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Bali’s Mount Agung volcano belches ash as 100,000 people told to evacuate

Beautiful villas embedded in a remote Chinese mountain pass live in harmony with nature

November 27, 2017 by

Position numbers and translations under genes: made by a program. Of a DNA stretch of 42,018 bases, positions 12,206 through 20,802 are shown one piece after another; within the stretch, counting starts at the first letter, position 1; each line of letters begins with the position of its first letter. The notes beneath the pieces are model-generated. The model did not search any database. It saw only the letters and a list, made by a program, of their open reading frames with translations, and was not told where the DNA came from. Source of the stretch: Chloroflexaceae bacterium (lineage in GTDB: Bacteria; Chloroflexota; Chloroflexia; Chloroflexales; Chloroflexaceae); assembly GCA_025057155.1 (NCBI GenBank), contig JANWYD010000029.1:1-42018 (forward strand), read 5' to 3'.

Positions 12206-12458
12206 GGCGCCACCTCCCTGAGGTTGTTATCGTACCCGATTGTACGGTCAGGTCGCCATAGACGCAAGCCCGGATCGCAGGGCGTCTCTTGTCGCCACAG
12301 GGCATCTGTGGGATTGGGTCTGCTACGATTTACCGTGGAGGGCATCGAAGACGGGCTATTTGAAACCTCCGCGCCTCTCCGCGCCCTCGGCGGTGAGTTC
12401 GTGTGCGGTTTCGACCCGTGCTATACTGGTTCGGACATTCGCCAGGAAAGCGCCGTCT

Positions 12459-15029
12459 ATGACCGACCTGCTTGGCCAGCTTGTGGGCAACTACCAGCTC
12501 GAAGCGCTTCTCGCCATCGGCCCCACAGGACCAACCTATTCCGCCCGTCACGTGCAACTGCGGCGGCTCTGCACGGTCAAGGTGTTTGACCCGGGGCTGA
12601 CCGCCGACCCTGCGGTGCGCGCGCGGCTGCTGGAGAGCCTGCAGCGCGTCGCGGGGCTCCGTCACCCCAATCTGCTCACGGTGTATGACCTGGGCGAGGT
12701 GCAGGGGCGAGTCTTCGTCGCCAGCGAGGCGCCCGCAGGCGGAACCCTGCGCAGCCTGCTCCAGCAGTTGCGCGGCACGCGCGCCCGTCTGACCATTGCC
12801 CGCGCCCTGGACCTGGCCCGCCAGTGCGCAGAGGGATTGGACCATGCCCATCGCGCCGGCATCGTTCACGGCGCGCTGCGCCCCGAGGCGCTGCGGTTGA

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Blending the man-made into nature without doing harm is difficult, but Origin Architects have managed to embed a series of modern villas into the foot of China’s Eurasia-Changbai Mountain range while simultaneously restoring a large part of an adjacent felled forest. By conducting detailed studies into the area’s natural flora and fauna, the architects were able to build the villas as part of an ecological restoration that will serve to preserve the natural state of the area for years to come. Ajacent to the building area, an old amusement park has been abandoned for years. As they began the clean up process, the team did extensive studies on the entire site, investigating the entire river valley ecosystem in the process. According to the architects, they mapped and measured each primeval tree and exposed stone in the area to create a guide to preserving the natural state of the forest. As they started on the ecological restoration project, the work helped to create the villas in a way that would reduce the structures’ carbon footprint. Related: Y-shaped timber cabin on stilts overlooks Norway’s picturesque mountains The architects explain, “We removed construction waste, restored landforms and rainwater channels according to the vein, dredged choked rivers and cultivated vegetation to encourage ecological redevelopment of this area, so that the separated waste land could be embraced by nature again, and the vast primeval river valley forest could break down the barriers caused by urban development and extend citywards.” In terms of creating little impact with the construction, the structures were lifted off the ground to reduce the project’s footprint. This feature was essential to the project because the area is thought to be a breeding ground for Chinese mergansers, an endangered bird. Thanks to lifting the building off the ground, these prehistoric creatures and other wild animals will be free to move and migrate freely in the area. Visitors to the area will be able reconnect to nature thanks to the amazing environment, but also to the villa’s purposeful design. The outside of the cabins are quite rustic, but the interior design is a minimal and sophisticated as can be. Light wood panels cover the flooring, walls and ceilings and very little furnishings are found on the interior, putting the emphasis completely on the natural surroundings. + Origin Architect Via Archdaily Photography by Xia Zh